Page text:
Happiness. happiness through interaction with others, for Graves, apart

Happiness.It is not measurable, profitable, nor tradable. Yet, above all else in theworld, it is what people seek. It is something that everyone craves for butvery few are able to attain it. As such, the real question is, “Where does realhappiness come from?” In the articles “The Secret to Deeper Happiness IsSimpler Than You Might Think” (Graves, G., 2017) and “Happiness Is OtherPeople” (Whippman, R., 2017), two different viewpoints are expressed toward thesearch for happiness.

After conducting critical analysis, Graves, with a standof reflecting and focusing on oneself, provides a more persuasive case for theaudience than Whippman. Although Whippman has provided reasons for experiencinghappiness through interaction with others, for Graves, apart from providingspecific measures for those who are seeking happiness to find happiness fromwithin, she strengthens her arguments with robust reasonings and the threeartistic proofs (Ethos, pathos and, logos). She supports her claims withcredible sources and substantial statistical figures, which makes her articlemore reliable. Firstly,both authors use pathos and anecdotes to persuade the audience by appealing totheir emotions, but Grave makes more effective use of pathos than Whippman.Graves states, “And you just scored reservations at the hottest restaurant intown to celebrate. You’re ecstatic, right? Of course, you are!” (para.

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1) “Butwill this make you happier? Sure, but only temporarily (sigh).” (para. 1), she further added. By using the word ‘you’constantly throughout the article, Grave is making the audience feel what shewants them to feel. She wants to invoke sympathy and draw pity from them.

Graveprovides a personal connection with the audience by placing herself in theirshoes. Whereas Whippman merely states, “I would snarl bitterly upon realizingthe truth, unable to shake the feeling of that, without friends or community, Ireally wasn’t.” (para. 2). The first person point of view is used in Whippman’sarticle. For those seeking happiness, they can only experience the storythrough Whippman’s eyes. Hence, they will not know much about the events.

Assuch, Graves appealed better using emotions which provide a more enthrallingargument.Secondly,the arguments are well supported in each paragraph of Grave’s article. Gravestrengthens her arguments with credible sources. For instance, statements madeby “life coach and sociologist Martha Beck” (para. 1), “Susan David, Ph.D.”(para. 2) and “Robert Lustig, MD” (para.

4) show a greater appeal to ethics –depending on credibility and expertise. Unlike Whippman’s article, makingclaims just “according to research” (para. 14), and through “studies” (para.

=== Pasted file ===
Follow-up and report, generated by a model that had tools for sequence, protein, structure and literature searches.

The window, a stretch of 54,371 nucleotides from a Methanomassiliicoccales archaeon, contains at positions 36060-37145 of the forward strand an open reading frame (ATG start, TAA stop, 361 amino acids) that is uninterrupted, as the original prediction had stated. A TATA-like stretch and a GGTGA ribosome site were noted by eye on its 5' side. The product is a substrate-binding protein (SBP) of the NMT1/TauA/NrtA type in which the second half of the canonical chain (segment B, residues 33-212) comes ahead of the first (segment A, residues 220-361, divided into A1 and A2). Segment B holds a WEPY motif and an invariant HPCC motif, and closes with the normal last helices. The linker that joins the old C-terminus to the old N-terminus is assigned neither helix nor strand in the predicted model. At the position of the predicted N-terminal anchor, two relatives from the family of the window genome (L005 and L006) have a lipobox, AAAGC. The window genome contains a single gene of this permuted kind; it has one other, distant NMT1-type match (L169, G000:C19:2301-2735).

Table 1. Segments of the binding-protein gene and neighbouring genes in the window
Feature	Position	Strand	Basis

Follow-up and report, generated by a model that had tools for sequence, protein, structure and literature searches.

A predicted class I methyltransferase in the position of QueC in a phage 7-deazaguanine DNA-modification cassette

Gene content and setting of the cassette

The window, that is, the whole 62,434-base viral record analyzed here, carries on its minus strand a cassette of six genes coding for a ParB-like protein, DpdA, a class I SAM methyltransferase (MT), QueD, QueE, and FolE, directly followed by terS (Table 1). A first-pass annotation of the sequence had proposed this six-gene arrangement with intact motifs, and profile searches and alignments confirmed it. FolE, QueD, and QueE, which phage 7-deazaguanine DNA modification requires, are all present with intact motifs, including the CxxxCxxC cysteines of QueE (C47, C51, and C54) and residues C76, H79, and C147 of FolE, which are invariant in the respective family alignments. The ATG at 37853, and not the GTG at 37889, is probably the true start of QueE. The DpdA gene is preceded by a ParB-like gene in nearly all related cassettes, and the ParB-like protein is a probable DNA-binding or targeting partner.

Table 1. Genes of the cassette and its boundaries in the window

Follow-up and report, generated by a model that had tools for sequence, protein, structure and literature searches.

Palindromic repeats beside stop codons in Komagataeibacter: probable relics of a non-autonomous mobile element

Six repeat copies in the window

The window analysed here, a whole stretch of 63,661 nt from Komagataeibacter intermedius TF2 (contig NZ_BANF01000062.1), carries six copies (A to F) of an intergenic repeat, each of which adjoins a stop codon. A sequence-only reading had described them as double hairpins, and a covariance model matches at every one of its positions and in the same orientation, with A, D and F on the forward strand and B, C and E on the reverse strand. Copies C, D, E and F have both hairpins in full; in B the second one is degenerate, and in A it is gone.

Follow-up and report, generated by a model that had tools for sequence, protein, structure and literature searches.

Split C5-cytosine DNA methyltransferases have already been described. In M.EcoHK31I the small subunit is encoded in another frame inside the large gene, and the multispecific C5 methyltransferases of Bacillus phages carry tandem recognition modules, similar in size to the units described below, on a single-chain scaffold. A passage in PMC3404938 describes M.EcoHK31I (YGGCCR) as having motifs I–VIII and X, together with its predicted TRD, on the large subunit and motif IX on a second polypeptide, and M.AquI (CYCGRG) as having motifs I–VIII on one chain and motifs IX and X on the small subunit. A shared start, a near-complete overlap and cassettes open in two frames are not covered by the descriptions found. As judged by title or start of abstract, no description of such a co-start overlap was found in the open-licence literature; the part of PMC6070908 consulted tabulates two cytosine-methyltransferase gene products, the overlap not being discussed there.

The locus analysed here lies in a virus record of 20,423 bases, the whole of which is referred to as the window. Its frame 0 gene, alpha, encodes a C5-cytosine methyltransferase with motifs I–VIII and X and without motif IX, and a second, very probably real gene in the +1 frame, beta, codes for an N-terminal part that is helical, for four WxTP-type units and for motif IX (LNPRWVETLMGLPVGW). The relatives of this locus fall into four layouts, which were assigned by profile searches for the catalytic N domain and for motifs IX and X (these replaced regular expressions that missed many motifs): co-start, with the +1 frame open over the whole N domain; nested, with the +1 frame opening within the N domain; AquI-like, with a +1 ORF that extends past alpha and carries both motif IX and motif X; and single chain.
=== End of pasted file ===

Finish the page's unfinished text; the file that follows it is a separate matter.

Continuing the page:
12). This shows that Whippman’s research is vague as she did not specify where shegot her data from. This creates doubt and discrepancies for those seekinghappiness. Moreover, Whippman states, “Because far from confirming ourinsistence that “happiness comes from within,” a wide body of research tells usalmost the exact opposite.

” (para. 11), the word ‘almost’ shows that there arepeople who still concede that happiness comes from within, and it is not alwaysdependent on others. Therefore, Grave reinforces most of her assertations withcredible evidence, which increases the article’s overall trustworthiness. Therefore, it is instinctual forthe audience to respond to the persuasive message based not on the content buton their perception of the author.

Lastly,Grave better supports her arguments with effective use of statistical evidenceas compared to Whippman. Whippman argues that if one is given a choice betweenmeditating and sitting in a bar with friends, one “should probably seriouslyconsider going to the bar” (para. 16). However, she did not support her claimwith substantial reasons or statistical evidence.

On the contrary, Grave use facts to persuade the audienceby quoting statistics from a study conducted by Michigan State University aboutmeditation-  showing how the “20-minuteguided session” (para.8) benefits the audience. Grave bolsters her argument bymentioning how meditation novices were “better at taming their negativeemotions” (para.

8). This allows the audience to be aware of the proven results,hence making Grave’s article more credible and reliable. Therefore, if theaudience were to choose between going to the bar or meditating, they will no doubtbe persuaded by Graves, and choose the latter.Inconclusion, Grave has presented a more persuasive case using the three artisticproofs to convince the audience to search happiness from within. Grave’s cogentreasoning, ample evidence, and credible sources made her article more persuasive,and these are relatively lacking in Whippman’s article. Therefore, the audience will be more likely to beprevailed upon focusing on oneself in search of happiness.DWJj1